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  • Rev Horror

H. P. Lovecraft's The Old Ones

Dir. Chad Ferrin (2024)

A sea captain committed horrific acts on behalf of a cult for almost a century, and he now goes back in time to try to erase his evil deeds. The cult doesn't like that.


The second film in director Chad Ferrin's Unofficial Lovecraft Trilogy, The Old Ones serves as a parallel film to The Deep Ones, a sequel of sorts that delves further deeper into the lore surrounding the Lovecraftian monsters that vie to take over the world and the cults that attempt to summon them to Earth. These types of cosmic horror are difficult to tell, and sometimes even more difficult to watch, but if the filmmaker has a good grasp on the source material and a good mind for making what can often be described as mundane appear more exciting, they can also be quite scary. Thankfully, Ferrin has that understanding of what Lovecraft was going for, and he manages to create his second truly unnerving film dealing with the subject.


Russell Marsh (Robert Miano) washes up onshore, where he's found by Dan Gordon (Scott Vogel) and his son Gideon (Benjamin Phillip). He explains that he's more than a hundred years old and has spent his life murdering people for a cult that worships the Old Gods, having been possessed by one of their number. Now, he seeks to go back in time to undo his wrongs, as well as the just-happened death of Gideon's father, and the two go on a mission to find a way to get this done. Along the way, they run into any number of vicious beasts and unworldly creatures, finally making their way to the man who may be able to right these wrongs.

The Deep Ones once again shows Ferrin's surprising understanding of Lovecraftian mythology, as he tells the story of the Esoteric Order of Dagon in a way that is both kinda scary and also darkly humorous. Ferrin is known for his humorous take on horror, but that's very difficult to apply to Lovecraft, and he manages to do it very well. As difficult as it is to make this type of cosmic horror funny, it's perhaps even more difficult to make it as ghastly and shocking as it needs to be with an indie-scale budget, and he somehow does a fantastic job with that as well. Granted, you're not getting the same caliber of performances as you did with Stuart Gordon's Lovecraft films, nor are you getting the same level of effects work, but it works incredibly well for the type of film this one attempts to be.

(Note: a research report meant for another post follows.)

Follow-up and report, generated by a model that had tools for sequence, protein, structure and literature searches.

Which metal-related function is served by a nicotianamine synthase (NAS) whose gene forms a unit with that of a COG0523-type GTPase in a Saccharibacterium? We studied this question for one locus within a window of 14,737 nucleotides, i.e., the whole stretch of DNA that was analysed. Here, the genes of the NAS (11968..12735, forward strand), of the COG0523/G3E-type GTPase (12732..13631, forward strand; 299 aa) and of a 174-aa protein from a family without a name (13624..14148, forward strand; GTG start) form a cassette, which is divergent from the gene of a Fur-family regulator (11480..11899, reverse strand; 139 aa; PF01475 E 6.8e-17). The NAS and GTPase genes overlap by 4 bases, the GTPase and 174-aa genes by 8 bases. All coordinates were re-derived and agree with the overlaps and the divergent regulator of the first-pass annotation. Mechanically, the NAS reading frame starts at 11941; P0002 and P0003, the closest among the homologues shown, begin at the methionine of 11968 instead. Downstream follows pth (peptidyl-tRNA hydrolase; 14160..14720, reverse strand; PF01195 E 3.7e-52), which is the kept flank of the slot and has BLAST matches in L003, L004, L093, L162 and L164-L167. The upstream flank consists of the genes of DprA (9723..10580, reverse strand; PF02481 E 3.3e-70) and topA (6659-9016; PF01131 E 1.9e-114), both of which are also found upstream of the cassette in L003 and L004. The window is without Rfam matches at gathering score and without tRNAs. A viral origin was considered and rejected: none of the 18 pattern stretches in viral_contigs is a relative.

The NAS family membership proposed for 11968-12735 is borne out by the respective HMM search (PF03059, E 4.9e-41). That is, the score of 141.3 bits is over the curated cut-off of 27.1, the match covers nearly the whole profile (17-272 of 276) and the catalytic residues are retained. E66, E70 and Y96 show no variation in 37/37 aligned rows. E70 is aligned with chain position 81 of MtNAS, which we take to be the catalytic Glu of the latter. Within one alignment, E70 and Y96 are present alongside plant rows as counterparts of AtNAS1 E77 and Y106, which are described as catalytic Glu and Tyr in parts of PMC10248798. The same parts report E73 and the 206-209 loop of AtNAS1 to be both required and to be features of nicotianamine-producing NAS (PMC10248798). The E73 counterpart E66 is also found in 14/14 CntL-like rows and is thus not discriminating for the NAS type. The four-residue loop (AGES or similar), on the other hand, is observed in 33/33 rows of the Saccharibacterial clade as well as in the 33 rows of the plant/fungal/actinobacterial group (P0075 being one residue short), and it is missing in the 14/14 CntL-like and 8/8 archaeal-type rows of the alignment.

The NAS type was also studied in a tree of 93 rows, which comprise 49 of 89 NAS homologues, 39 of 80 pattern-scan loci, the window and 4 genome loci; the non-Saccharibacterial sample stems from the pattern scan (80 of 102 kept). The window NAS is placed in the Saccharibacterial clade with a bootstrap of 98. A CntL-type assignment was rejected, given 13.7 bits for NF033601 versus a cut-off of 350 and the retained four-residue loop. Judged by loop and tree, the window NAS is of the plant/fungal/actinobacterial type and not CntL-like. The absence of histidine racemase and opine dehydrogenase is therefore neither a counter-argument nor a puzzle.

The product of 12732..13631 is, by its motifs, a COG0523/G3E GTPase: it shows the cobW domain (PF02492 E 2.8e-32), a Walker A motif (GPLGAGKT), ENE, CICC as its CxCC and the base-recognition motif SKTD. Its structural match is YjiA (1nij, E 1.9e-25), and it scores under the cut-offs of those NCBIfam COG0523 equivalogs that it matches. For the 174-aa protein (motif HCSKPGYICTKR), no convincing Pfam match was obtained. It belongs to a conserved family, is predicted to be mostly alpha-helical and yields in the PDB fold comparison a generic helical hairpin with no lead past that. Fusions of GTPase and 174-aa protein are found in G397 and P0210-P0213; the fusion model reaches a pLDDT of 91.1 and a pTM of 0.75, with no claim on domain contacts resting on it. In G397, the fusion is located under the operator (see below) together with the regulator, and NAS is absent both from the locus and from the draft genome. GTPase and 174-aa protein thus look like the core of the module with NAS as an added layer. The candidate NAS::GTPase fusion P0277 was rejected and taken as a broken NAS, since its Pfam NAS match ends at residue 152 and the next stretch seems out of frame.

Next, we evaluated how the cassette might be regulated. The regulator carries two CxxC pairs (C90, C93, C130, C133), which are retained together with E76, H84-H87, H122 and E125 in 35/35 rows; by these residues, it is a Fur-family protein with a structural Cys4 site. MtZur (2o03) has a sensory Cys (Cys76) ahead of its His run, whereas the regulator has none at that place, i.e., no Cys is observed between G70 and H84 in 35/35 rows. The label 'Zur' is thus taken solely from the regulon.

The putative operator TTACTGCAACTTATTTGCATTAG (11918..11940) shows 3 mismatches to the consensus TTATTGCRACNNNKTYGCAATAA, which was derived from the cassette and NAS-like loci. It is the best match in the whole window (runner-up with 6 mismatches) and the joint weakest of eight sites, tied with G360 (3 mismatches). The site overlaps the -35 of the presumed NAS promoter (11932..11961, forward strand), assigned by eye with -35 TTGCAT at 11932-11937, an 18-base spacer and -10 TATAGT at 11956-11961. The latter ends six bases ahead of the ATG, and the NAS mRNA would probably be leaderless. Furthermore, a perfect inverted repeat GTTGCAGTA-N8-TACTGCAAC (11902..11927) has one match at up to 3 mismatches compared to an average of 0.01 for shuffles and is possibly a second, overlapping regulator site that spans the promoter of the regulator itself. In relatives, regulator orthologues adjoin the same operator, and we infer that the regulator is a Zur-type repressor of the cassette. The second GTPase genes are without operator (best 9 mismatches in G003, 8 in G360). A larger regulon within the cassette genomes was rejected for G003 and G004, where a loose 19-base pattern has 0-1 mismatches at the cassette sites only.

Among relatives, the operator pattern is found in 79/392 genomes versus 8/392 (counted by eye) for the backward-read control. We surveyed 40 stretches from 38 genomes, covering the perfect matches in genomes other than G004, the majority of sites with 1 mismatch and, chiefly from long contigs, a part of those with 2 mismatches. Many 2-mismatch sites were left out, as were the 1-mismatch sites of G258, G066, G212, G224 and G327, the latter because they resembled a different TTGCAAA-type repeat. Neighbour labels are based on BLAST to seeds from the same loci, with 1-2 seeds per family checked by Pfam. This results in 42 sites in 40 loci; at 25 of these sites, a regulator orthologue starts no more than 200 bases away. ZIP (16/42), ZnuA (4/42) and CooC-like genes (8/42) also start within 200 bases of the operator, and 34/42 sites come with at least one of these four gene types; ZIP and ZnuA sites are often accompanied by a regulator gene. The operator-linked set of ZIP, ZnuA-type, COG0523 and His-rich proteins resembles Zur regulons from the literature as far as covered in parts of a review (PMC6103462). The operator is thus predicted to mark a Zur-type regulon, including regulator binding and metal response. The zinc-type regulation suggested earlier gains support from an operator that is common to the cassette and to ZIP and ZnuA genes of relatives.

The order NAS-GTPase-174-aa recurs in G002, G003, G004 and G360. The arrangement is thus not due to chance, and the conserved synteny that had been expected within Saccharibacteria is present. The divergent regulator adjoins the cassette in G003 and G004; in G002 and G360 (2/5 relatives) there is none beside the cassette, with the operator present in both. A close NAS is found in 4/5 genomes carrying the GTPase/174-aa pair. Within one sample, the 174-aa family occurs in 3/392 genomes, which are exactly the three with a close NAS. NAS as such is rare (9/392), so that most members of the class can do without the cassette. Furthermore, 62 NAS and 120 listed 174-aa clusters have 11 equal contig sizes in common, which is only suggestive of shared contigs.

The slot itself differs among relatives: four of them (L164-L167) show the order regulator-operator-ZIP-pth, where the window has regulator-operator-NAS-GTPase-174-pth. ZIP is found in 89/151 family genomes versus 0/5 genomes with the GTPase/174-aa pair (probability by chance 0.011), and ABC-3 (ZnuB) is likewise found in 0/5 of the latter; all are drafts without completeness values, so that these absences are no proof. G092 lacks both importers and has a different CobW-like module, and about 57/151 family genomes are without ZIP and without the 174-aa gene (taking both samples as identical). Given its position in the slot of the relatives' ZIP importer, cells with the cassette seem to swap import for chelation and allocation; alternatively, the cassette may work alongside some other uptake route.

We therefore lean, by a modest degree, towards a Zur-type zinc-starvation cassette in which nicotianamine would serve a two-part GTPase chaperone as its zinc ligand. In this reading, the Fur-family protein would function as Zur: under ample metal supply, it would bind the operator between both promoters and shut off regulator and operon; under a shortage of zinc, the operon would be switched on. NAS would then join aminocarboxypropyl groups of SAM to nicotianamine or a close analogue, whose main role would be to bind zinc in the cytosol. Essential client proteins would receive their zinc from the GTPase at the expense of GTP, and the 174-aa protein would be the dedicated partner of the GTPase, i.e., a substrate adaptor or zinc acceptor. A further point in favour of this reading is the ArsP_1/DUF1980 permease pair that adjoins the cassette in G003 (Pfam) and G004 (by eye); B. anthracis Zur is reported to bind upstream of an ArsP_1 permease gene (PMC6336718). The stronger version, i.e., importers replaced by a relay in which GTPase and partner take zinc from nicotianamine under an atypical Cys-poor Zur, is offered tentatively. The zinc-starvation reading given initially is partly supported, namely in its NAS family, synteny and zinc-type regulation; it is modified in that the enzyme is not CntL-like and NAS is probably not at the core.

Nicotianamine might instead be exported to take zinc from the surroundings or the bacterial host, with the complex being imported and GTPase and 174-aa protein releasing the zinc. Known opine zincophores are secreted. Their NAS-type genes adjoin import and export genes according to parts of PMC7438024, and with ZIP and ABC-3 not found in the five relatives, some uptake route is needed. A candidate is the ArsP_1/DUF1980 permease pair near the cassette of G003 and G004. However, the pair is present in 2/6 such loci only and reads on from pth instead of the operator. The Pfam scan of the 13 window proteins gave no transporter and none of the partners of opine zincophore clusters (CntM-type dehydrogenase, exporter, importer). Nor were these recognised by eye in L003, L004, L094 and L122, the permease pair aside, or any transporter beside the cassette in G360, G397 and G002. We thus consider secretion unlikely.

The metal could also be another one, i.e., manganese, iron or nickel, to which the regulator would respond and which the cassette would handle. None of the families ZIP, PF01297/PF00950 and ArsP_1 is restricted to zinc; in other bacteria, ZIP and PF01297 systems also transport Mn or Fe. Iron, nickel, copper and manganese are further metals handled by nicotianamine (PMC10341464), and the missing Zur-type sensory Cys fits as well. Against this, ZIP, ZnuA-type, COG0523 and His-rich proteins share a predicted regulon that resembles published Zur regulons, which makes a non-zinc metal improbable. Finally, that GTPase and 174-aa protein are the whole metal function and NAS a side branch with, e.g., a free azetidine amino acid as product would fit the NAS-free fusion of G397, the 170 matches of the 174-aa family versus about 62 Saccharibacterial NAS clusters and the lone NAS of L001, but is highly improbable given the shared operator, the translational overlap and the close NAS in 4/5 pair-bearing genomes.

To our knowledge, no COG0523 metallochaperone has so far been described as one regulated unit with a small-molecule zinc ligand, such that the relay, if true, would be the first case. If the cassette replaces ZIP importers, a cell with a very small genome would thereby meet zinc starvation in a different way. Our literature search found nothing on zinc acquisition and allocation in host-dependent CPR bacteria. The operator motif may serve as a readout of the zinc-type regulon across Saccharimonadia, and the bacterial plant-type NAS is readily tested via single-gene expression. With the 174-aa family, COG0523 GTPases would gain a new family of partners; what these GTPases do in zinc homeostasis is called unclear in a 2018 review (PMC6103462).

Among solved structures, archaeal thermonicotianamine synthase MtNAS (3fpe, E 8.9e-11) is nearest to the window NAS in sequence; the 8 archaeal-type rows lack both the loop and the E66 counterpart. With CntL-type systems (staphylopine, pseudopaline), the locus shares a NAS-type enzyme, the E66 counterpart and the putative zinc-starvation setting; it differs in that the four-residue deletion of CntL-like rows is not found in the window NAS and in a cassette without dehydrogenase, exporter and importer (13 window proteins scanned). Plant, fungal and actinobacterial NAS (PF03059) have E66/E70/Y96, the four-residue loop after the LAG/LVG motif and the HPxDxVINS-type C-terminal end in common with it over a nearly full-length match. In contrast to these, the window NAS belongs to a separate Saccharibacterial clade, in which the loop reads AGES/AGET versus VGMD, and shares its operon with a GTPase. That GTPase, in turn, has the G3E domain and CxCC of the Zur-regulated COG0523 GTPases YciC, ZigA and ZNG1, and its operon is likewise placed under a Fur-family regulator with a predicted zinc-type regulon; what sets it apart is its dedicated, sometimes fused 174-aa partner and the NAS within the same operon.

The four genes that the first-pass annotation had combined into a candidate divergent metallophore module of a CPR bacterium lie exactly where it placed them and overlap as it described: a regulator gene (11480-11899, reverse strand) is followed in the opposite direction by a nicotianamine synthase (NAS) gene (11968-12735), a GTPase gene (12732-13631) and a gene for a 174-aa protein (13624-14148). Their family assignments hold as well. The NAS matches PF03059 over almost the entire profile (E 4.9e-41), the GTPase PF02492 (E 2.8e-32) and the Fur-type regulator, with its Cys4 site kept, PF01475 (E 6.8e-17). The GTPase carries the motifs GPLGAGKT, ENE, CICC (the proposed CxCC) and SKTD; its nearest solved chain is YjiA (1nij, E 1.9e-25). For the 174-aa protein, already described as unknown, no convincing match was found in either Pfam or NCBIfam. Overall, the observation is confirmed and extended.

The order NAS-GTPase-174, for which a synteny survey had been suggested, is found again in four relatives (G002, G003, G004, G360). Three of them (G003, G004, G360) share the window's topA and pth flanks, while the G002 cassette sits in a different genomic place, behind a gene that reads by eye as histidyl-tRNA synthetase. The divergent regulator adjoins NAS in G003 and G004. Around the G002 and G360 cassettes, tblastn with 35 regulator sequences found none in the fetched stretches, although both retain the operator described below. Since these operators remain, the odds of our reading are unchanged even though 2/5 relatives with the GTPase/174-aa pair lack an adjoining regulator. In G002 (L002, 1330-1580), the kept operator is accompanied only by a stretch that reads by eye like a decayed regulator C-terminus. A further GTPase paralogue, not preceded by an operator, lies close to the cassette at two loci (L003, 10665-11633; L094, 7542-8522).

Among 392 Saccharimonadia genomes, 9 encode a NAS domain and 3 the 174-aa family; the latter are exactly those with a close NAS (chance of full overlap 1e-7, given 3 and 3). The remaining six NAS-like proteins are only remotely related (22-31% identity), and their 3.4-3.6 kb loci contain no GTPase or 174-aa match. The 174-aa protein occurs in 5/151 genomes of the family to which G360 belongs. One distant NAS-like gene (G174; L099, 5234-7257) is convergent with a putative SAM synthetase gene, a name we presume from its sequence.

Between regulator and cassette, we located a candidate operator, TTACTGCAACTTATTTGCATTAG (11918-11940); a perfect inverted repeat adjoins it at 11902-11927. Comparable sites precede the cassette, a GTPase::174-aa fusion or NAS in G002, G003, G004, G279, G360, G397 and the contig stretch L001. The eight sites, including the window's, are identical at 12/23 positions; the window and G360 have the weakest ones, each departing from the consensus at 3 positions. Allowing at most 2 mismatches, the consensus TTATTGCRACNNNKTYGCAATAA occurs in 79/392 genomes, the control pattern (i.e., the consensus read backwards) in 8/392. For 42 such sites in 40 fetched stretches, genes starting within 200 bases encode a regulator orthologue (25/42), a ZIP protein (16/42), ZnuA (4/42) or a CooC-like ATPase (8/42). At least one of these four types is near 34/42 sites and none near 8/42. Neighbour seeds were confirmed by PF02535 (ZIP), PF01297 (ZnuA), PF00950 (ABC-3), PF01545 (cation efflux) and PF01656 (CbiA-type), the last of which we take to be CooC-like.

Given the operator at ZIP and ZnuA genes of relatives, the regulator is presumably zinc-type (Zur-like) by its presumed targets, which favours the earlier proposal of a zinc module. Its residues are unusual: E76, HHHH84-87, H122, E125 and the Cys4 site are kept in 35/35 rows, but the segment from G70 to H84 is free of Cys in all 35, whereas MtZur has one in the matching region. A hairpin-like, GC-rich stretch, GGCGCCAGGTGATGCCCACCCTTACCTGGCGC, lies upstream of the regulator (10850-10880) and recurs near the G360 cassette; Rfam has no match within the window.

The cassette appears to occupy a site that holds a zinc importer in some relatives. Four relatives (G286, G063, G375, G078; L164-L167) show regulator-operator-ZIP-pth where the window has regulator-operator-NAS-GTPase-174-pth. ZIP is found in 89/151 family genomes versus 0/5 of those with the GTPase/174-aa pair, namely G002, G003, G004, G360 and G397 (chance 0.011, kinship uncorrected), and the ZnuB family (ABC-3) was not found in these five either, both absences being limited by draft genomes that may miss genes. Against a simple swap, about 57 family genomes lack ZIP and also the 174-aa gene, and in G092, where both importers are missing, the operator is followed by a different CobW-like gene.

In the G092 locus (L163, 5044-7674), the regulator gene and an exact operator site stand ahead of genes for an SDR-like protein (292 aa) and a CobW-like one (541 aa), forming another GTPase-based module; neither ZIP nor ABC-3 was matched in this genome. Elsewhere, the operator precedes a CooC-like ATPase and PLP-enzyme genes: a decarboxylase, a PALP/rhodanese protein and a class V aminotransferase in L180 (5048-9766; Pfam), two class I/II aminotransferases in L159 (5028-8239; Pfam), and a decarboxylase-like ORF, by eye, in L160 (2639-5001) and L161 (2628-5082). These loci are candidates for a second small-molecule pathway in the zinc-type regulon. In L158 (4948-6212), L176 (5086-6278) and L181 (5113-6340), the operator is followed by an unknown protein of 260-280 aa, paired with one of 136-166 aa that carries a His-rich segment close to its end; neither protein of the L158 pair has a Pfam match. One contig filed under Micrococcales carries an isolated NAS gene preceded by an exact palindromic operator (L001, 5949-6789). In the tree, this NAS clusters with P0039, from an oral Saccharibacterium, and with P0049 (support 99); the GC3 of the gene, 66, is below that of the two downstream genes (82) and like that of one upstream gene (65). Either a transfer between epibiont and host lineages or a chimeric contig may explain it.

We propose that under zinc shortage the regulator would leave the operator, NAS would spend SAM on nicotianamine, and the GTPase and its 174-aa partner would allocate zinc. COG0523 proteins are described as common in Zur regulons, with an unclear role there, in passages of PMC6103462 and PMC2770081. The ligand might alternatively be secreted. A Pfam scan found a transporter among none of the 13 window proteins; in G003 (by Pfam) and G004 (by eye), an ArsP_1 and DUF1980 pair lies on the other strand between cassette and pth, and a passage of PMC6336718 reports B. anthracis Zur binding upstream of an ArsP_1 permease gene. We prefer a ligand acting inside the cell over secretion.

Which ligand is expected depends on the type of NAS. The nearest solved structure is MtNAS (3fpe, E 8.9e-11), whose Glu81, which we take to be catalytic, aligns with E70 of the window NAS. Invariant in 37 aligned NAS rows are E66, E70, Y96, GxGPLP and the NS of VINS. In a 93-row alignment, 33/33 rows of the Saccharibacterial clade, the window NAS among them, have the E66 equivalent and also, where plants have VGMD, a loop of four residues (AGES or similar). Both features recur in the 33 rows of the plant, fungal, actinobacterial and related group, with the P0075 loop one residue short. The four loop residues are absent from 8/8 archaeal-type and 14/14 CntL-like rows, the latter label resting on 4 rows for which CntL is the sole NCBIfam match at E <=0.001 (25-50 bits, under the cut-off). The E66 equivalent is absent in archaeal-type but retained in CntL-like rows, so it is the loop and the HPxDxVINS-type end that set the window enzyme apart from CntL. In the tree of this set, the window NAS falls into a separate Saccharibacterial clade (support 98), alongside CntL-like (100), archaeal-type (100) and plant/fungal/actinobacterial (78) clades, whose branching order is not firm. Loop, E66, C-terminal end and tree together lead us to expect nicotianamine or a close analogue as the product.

Make no mistake about it: The Old Ones, and its predecessor, are B-movies, and the effects make no apologies about this fact. Some of the characters are wearing clearly-rubber masks, and some of the various amputations and beheadings are plastic-y bits as well. While this has its own charming sort of appeal, which any audience member who is familiar with Ferrin's work will already expect, there are also some truly outstanding SFX as well. It's a blend of some of Lovecraft's most well-known works, and the monsters that serve the backdrop for our character drama between Marsh and Gideon are sometimes downright disturbing. The film is a fascinating mixture of scary and laugh-along, and it absolutely works.

Side note: I really appreciate that Ferrin decided not to re-write the history of Lovecraft himself. So many films that are based on his work completely ignore the fact that he was a giant piece of shit, and they try to glorify the man behind the stories. I don't think this is always intentional, and as much as I'm a huge fan of supporting the art, not the artist, it's difficult to get away from the racist legacy that Lovecraft left behind because its themes run so deep in his works. Ferrin takes a different tactic, providing one of his lesser known poems that is smack-you-in-the-face racist to show both sides of the author's coin, and it was a refreshing take (as difficult as it was to hear). Kudos for that, Mr. Ferrin, that was a brave choice.

If you enjoyed The Deep Ones, The Old Ones will likely be right up your alley. It's a bit more of a serious tale, one that dives a bit more deeply into the less-than-human side of the Lovecraft mythology, but it does so fantastically well. It's scary at times, funny at others, and pulls no punches or makes any apologies for what it's trying to achieve. The open-ended finale leaves room for more cosmic tales from director Chad Ferrin, and I for one can't wait to see what else he comes up with. Thankfully, I won't have to wait for long, because we'll also be covering his third film in the "trilogy," Unspeakable: Beyond the Wall of Sleep!


Who this movie is for: Lovecraft fans, B-monster lovers, Swimmers


Bottom line: The Old Ones is an interesting take on a sequel to the previous film, and it's a much more dramatic, and therefore serious, tale. The actors do a great job, especially Robert Miano in the lead, and Chad Ferrin once again shows he has what it takes to deliver a Lovecraft story that is very well done. The creatures on display vary wildly in quality, giving the film a charming, and sometimes terrifying, quality that so many films miss nowadays. If you're a fan of Mr. Ferrin's work, or Lovecraft in general, you'll definitely want to check this one out on demand.

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